Want to get the CFPB enforcement staff’s attention? Running a debt-relief scheme is a good start.

Earlier this week, the CFPB announced that it obtained a preliminary injunction against World Law Group, its affiliated companies and its owners for running an illegal debt-relief scheme. The Complaint filed in US Federal District Court claims that World Law collected at least $67 million in unlawful fees from 21,000 financially vulnerable consumers under the false promise of providing legal representation to negotiate debt settlements.

The facts are particularly egregious and show why debt-relief schemes are such a problem for consumers – especially those who are already in financial trouble. According to the CFPB allegations, World Law advertised itself as a “debt-relief law firm” and claimed that consumers would be assigned a “team of attorneys,” including local counsel, to negotiate and settle debts. When a customer enrolled, the company would direct the customer to stop paying creditors and make one single monthly payment to World Law. World Law would then allegedly deduct an upfront fee.

According to the CFPB, non-lawyers provided most of the essential debt-relief services. Customers were never assigned local counsel; and, when creditors sued, World Law offered customers boilerplate pleadings and instructed the customers to file pro se pleadings.

In its Complaint, the CFPB claims World Law committed unfair, deceptive or abusive acts or practices and violated the FTC’s Telemarketing Sales Rule. CFPB Director Richard Cordray explained, “We took action today against World Law Group for an alleged debt-relief scheme that lured consumers with false promises of help from lawyers and collected millions in illegal upfront fees. … We are seeking to put an end to this scheme and prevent more consumers from being harmed.”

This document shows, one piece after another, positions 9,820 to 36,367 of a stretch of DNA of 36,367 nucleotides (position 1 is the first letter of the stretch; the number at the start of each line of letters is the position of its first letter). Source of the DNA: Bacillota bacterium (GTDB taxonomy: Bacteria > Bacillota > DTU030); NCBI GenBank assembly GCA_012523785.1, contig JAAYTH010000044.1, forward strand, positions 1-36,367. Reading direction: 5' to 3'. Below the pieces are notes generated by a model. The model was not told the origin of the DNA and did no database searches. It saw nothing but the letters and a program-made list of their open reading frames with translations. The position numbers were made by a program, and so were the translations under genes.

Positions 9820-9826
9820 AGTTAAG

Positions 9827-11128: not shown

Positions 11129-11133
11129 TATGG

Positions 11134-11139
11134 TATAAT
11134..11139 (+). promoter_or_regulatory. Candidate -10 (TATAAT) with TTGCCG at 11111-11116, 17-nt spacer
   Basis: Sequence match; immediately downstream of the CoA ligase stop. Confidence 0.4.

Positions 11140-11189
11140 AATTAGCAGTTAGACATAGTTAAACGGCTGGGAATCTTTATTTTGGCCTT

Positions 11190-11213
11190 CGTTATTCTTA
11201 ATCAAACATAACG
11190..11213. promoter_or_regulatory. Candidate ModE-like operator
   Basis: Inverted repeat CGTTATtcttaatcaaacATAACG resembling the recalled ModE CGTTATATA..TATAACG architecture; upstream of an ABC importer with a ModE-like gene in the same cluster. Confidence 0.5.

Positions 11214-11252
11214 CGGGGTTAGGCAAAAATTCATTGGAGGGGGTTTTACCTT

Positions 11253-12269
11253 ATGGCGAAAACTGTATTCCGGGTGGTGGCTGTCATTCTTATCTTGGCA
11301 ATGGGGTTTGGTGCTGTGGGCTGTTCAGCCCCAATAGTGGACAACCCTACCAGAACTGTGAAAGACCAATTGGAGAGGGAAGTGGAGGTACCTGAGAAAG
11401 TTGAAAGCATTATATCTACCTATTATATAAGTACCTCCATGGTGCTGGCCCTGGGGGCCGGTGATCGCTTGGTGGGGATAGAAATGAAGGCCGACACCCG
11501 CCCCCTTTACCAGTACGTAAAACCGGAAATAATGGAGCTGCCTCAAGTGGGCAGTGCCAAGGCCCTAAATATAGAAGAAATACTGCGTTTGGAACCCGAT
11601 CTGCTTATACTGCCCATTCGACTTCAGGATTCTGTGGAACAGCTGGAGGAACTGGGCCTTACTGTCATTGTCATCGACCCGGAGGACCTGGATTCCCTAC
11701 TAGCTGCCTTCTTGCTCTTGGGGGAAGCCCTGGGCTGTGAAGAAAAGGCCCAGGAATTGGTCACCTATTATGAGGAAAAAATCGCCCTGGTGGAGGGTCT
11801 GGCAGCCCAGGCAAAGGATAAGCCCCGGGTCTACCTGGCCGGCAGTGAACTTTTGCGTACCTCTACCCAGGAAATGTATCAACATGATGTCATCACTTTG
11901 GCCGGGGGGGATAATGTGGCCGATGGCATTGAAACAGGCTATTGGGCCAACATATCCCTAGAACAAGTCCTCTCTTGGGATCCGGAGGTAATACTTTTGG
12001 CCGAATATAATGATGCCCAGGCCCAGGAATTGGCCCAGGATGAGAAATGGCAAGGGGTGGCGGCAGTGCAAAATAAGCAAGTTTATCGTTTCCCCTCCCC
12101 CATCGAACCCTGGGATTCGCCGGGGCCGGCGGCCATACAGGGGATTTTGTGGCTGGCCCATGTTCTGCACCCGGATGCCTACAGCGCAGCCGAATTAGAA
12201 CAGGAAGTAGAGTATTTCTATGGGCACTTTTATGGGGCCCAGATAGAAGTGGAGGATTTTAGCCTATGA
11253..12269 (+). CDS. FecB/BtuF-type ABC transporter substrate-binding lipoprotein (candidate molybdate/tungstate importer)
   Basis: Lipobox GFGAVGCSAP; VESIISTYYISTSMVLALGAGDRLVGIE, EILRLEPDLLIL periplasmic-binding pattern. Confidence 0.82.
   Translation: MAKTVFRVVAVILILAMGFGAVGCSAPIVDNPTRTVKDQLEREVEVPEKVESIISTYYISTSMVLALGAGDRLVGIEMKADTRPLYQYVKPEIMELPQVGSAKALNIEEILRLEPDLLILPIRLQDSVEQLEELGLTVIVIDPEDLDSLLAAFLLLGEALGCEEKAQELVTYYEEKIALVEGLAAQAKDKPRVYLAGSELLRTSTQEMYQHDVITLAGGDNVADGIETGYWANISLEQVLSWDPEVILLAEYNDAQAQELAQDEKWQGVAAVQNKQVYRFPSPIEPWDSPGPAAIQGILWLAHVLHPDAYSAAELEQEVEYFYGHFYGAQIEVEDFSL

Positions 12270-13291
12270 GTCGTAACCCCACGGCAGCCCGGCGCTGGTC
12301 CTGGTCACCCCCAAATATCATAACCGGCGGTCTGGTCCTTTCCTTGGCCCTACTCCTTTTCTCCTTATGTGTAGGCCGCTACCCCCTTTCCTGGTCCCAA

As of today, the court has only issued a preliminary injunction rather than a final determination in the case, but it doesn’t look good for World Law.

Debt-relief schemes are a big problem for consumers, but they are also a problem for the financial services industry.

This case is particularly interesting to me as an industry-side consumer finance attorney. In my practice, I am seeing increasingly frequent letters from debt-relief “attorneys” directed to companies. Often, these letters include general statements that the account may be incorrect, make broad requests for information, and demand that a company cease collecting its account. I have seen letters that reference completely unrelated and inapplicable case law. Sometimes the letters are drafted for a credit card company but sent to an installment lender. And, many of these are sent under the unsigned or electronically generated signature of an attorney.

Of course, there are legitimate consumer law attorneys who send letters on behalf of clients; and, a creditor should never ignore a letter sent by a law firm or attorney. But, it looks like the CFPB still has some work to do in cleaning up the debt-relief business.

Shutting down illegal debt-relief companies is good for consumers and for the financial services industry.